Skylights featured on Astronomy Picture of the Day

Scout Report Selection Webivore Selection SpaceCareers Selection

Skylights featured nine times on Earth Science Picture of the Day: 1 2 3 4 5 6 7 8 9

Cherry blossoms

Photo of the Week. Cheery cherry.

Astronomy news for the week starting Friday, May 7, 2010.

The Moon wanes in its crescent phase during almost all of the week, not reaching new until the night of Thursday, May 13. It will be too thin to view that morning, so your last admiring look will be the morning of Wednesday the 12th. Before that, the fading crescent will make a fine sight along with Jupiter the morning of Sunday the 9th, when our companion will pass several degrees north of the Solar System's giant. Then, if you are up early enough to see a dark sky, the crescent can be found gliding beneath the Great Square of Pegasus the morning of Monday the 10th to the left of Jupiter. On Friday the 7th and Sunday the 9th, the Moon rather invisibly visits with Neptune and Uranus.

In the evening, Venus is getting just plain good, now not setting until over half an hour past the end of twilight. Look early into the west-northwest to see the brilliant planet moving easterly through central Taurus, with the Hyades and Aldebaran to the northwest. Looking to the other planet that brackets Earth, Mars transits the meridian before Sunset, giving it a place in the southwest as the sky darkens. Watch it move easterly from week to week against the background, the red planet nicely situated between Castor-Pollux in Gemini and Regulus. Mars will cross the boundary into Regulus's Leo at the end of the week. It then sets about two hours after midnight Daylight Time.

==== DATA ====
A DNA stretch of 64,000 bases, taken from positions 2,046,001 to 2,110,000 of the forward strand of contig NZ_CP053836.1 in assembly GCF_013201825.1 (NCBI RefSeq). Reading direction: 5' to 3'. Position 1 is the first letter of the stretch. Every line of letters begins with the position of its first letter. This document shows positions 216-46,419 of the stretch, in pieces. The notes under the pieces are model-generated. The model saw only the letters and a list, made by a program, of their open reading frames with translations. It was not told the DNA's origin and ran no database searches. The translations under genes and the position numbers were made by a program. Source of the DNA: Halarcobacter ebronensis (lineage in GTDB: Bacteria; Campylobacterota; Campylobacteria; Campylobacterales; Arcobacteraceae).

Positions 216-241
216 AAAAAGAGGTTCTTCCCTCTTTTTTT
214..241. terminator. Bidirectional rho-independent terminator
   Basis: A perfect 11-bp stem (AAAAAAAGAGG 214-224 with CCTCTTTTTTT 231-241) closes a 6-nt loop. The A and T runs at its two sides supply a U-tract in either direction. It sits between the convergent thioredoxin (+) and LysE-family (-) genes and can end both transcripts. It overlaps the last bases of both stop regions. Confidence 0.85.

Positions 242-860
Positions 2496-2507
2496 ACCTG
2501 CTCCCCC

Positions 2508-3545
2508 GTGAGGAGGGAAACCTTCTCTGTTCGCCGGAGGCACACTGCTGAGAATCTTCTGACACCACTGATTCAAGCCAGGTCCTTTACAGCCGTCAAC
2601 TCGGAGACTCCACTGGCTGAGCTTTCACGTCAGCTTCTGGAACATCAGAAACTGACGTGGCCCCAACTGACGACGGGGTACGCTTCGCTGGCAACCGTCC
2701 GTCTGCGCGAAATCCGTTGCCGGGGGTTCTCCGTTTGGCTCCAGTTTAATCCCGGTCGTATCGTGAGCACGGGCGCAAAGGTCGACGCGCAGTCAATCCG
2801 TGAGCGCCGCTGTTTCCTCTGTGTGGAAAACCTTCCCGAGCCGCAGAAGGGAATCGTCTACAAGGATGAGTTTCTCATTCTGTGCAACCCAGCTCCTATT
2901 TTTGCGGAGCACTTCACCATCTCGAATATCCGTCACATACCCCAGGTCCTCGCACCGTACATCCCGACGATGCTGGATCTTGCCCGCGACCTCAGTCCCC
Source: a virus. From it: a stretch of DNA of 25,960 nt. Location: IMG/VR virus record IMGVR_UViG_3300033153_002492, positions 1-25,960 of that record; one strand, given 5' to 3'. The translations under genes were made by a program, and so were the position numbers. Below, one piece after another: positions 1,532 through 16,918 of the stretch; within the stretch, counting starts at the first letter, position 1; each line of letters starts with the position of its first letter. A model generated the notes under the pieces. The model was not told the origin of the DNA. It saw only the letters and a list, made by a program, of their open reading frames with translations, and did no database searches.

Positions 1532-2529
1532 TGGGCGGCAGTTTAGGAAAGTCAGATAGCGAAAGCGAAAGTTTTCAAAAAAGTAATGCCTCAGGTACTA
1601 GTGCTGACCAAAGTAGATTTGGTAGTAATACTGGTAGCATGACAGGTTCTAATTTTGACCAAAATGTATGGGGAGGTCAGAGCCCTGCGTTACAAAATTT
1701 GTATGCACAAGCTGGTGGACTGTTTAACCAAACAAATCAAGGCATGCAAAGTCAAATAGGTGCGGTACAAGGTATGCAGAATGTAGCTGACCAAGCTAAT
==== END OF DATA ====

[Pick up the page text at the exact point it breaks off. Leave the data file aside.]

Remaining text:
That leaves the big guys. Slowly retrograding westerly against the faint stars of western Virgo between Regulus and Spica, Saturn transits right at the end of evening twilight. It then sets just as morning twilight begins to light the sky just a few minutes after Jupiter rises (about 4 AM). Look for Jupiter before the sky gets too light.

With the Moon moving out of the way, you might also catch a few leftover meteors from the Eta Aquarid shower, which is caused by the leavings of Halley's Comet.

Then its back to Leo, the celestial Lion. At the end of twilight, the distinctive figure, with its sickle-like front end that ends in Regulus, is beautifully positioned to the south about two-thirds of the way up the sky. On his back, south of the Big Dipper, rides dim and modern Leo Minor, the Smaller Lion, one of the many figures invented a few hundred years ago to fill in the blanks between the ancient constellations.
Valid HTML 4.0!